Stu Kennedy is set to surf in the World Surf League Champion Tour - Rip Curl Rottnest Search presented by Corona 2021 from May 16 to 26.
From 1978 to mid 2000’s Aloha Surfboards were the preferred choice for Australia’s elite surfers.
During this time in surfing history Sydney was the epicentre of Australia’s professional surfing talent pool with more world champions per capita than any region globally.
The Aloha Surfboard factory under the direction of Greg Clough was located in Brookvale on Sydney’s Northern Beaches.
During this period Aloha was perfectly placed at the centre of arguably the most successful two decades in Australia's professional surfing history. World champions Barton Lynch, Pam Burridge and Damien Hardman were at the cornerstone of the Aloha team and paved the way for the next generation of Aloha team riders Luke Egan, Brett Warner, Beau Emerton, Nathan Hedge, Chris Davidson, Mark Mathews, Dayyan Neve and Richie Lovett.
‘When I was a grom all I wanted was to have a big A logo on my boards, to have that opportunity and be part of the team was definitely a career highlight’
After a 16 year hiatus Aloha is stoked to be under the feet of a surfer on the World Championship Tour.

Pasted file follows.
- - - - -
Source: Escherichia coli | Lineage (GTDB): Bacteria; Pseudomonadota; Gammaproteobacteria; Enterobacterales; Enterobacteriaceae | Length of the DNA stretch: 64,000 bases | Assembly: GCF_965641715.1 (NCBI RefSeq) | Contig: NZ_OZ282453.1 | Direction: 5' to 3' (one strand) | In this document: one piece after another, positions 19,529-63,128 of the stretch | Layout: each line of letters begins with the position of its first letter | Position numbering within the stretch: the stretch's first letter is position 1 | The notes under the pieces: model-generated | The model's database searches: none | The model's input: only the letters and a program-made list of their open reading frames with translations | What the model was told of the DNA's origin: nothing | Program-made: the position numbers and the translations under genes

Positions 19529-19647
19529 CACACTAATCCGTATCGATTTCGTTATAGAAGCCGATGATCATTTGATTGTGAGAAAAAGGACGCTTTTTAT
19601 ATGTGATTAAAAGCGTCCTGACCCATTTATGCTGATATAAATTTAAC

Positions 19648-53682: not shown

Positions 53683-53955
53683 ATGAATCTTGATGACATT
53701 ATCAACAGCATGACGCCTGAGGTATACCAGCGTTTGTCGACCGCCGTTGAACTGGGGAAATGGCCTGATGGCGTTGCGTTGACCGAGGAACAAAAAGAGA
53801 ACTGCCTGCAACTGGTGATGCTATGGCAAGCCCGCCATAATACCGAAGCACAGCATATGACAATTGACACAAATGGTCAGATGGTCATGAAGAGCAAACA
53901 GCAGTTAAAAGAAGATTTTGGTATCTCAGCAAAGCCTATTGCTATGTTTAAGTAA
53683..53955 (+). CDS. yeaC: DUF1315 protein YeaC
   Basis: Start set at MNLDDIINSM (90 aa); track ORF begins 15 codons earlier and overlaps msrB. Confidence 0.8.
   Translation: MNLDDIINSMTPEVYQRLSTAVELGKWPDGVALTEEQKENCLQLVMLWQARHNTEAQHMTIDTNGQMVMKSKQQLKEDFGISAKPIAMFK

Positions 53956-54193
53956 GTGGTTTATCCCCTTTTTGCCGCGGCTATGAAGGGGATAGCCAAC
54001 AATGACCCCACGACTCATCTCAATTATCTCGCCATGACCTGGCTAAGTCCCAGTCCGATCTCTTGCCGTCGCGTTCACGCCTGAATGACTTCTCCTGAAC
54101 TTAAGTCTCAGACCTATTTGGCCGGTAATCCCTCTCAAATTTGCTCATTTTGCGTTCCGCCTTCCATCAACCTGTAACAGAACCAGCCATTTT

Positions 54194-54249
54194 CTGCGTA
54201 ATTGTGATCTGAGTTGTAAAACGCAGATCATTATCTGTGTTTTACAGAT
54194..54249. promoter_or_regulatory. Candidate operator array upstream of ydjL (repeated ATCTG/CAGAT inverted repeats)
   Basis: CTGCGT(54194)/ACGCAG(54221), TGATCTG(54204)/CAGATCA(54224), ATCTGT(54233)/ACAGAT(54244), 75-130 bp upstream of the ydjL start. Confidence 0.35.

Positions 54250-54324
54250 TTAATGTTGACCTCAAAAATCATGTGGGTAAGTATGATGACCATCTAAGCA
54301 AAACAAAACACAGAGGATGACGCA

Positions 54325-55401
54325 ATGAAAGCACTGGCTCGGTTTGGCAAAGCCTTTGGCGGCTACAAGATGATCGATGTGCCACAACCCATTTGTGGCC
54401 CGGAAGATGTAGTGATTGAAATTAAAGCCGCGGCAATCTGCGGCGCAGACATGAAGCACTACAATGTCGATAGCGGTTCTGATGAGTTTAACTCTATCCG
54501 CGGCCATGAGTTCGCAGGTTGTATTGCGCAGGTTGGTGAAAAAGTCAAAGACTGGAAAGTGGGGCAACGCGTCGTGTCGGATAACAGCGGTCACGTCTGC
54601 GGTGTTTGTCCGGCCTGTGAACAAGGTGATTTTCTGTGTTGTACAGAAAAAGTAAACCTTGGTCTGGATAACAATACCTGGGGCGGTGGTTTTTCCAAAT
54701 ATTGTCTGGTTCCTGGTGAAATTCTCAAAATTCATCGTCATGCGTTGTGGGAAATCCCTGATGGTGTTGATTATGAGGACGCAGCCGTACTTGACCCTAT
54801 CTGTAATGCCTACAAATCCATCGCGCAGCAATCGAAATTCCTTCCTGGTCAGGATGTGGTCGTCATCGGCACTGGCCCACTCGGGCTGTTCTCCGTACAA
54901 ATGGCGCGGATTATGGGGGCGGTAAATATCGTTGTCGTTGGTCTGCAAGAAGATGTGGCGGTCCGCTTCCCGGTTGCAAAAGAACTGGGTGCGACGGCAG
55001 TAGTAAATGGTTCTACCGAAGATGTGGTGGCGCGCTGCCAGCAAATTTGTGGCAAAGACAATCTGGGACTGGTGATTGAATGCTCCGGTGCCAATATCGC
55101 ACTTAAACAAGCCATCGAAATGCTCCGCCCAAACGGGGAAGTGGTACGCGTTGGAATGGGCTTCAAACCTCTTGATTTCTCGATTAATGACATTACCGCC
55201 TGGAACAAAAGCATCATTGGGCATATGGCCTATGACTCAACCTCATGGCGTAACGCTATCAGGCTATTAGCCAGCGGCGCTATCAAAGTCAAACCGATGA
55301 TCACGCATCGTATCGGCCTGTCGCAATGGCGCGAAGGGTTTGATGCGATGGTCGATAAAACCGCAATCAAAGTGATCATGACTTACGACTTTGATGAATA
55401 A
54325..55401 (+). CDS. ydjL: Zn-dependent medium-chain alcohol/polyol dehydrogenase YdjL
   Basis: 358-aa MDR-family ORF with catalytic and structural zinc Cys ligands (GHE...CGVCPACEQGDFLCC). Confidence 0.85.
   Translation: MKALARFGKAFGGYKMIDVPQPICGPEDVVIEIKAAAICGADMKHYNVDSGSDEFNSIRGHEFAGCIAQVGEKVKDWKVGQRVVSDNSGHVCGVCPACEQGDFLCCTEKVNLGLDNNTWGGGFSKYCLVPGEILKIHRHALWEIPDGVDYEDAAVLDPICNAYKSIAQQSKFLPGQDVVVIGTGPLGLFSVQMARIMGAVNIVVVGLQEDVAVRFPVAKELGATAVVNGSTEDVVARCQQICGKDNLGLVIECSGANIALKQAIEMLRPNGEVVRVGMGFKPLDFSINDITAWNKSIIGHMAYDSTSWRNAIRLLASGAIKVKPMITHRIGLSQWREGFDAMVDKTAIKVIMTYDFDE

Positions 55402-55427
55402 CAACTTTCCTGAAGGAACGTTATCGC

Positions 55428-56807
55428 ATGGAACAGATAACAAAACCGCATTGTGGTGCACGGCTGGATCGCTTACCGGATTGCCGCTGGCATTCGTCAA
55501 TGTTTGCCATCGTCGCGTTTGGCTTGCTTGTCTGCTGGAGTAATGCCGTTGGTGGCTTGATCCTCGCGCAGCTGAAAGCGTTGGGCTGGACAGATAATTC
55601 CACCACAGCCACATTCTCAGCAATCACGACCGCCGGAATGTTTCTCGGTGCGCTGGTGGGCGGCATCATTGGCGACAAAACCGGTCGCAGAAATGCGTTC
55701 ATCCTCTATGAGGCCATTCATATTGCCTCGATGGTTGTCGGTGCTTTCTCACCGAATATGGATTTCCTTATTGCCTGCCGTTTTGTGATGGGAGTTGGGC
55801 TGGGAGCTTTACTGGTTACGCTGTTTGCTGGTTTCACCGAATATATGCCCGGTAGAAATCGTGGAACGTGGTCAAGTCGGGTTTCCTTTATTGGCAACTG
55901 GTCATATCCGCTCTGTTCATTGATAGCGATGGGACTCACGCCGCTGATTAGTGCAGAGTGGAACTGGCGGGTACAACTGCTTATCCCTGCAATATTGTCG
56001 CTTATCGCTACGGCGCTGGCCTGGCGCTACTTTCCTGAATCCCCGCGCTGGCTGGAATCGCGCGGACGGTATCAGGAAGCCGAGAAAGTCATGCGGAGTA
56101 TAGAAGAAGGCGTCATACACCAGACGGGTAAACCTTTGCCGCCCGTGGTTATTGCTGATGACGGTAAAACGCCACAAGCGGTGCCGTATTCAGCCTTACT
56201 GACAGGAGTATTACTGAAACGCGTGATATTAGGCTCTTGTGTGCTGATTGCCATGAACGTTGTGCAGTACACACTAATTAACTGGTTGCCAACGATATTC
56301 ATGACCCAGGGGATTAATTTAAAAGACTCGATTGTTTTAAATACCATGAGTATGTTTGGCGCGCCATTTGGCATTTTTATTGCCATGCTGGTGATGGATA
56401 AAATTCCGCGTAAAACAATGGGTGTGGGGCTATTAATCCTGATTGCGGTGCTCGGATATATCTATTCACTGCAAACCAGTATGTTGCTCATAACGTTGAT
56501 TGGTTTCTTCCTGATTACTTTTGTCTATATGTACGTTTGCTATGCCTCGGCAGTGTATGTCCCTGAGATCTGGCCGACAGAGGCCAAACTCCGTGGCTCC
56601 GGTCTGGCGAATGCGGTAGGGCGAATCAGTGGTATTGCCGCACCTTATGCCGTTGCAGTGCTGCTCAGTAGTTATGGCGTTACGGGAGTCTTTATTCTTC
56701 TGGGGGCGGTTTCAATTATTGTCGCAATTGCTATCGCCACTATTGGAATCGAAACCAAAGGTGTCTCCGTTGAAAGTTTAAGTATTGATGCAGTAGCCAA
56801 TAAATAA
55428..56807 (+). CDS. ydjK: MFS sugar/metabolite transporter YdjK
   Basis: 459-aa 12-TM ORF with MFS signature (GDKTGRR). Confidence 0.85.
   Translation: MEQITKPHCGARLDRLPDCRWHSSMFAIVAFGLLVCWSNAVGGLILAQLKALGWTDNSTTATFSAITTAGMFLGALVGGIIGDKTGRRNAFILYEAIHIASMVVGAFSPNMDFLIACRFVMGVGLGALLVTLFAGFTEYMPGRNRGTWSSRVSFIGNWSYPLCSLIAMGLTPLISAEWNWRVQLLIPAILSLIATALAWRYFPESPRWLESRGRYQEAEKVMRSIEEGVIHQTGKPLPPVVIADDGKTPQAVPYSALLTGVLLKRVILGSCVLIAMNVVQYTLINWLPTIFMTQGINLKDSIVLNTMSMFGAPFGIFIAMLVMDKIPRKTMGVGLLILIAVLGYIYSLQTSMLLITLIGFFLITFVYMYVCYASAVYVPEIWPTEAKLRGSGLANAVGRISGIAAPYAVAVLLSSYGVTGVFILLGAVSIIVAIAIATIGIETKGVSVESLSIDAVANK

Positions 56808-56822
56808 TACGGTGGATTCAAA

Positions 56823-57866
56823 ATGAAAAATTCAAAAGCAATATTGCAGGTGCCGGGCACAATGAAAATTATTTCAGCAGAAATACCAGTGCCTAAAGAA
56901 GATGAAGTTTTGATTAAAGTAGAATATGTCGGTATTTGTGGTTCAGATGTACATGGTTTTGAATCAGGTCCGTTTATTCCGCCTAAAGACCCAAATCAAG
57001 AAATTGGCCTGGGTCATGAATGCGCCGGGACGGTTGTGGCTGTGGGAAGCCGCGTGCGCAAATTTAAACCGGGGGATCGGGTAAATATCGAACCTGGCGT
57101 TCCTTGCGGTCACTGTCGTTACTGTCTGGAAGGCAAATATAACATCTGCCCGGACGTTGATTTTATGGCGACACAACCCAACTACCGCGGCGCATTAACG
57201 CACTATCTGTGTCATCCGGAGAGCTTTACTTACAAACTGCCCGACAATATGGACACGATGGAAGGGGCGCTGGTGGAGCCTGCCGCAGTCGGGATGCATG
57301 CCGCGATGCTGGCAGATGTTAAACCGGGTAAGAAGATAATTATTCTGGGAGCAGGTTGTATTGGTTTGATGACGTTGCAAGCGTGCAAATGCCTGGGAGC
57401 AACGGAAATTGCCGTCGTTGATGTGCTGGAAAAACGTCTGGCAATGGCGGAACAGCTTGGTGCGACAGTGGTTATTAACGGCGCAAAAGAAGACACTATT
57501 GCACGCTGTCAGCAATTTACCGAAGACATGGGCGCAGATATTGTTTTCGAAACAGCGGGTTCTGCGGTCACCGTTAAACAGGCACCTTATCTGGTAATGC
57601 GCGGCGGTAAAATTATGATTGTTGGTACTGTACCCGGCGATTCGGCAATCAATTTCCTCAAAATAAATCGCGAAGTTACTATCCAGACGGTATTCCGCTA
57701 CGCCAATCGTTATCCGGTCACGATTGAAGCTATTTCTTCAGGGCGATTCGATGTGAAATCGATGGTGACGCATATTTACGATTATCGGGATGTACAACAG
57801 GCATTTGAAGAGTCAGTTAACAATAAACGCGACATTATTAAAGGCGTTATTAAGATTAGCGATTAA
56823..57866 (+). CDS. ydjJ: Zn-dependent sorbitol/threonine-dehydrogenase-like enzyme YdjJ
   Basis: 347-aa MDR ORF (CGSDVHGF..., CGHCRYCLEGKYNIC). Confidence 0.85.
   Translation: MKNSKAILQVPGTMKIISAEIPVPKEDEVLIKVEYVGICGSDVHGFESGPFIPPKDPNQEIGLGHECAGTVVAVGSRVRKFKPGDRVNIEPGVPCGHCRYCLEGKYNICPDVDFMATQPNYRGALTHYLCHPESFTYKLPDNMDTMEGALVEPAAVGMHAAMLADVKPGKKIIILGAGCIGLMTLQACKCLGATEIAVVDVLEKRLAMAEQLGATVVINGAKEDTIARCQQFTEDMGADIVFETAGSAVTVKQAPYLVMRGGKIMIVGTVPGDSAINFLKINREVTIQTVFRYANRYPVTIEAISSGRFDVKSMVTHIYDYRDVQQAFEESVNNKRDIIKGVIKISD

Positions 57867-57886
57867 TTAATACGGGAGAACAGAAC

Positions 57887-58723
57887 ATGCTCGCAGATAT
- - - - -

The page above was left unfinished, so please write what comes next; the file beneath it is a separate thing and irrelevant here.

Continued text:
Stu’s long anticipated return to surfings elite ranks is in part due to the support of long time friend and Aloha Surfboard shaper James Wood.
James Wood is no stranger to competitive surfing having won 2 x World Junior Championships, the Lennox Head local is still surfing at an elite level and on any given day is a standout on the long right hand walls of Lennox Point. The DNA of Wood’s surfing knowledge at the highest level is embedded into his designs.
How far back does your friendship go with Stu?
We came across each other when we first started surfing the shories in front of the Lennox Pub, I am three or four years older than Stu so I would have been about 13 and he was about 8 or 9 years old and he was just this little blond ferret. He slowly picked up surfing and then started shooting with MB who was the local film-maker and from there he started improveing really really quickly!
Any funny stories from back in the day?
Ha Stu was just this super blond little psychopath, I dont really have the words to describe him as a grom. He was just a full little ferret. He would never really shut-up and was just a complete little smart arse!
When he was 18 he missed his heat at Straddie so we tied him up, sorry he must have been 16, so we tied him up and put him in the bush out the back of the place where we were staying with no clothes on and I cracked an egg in his arse crack and left him in the sun for a couple of hours which didn't really go down to well with anyone, so we got in a bit of trouble for that.
How long have you been shaping Aloha surfboards for Stu?
We have been working developing his boards since the start of this year really, prior to him signing to the Aloha team I had made him a few boards but it wasn't until he tried the B-A and Twin-D models designed for Aloha that he really started to show interest in working closely together on board design.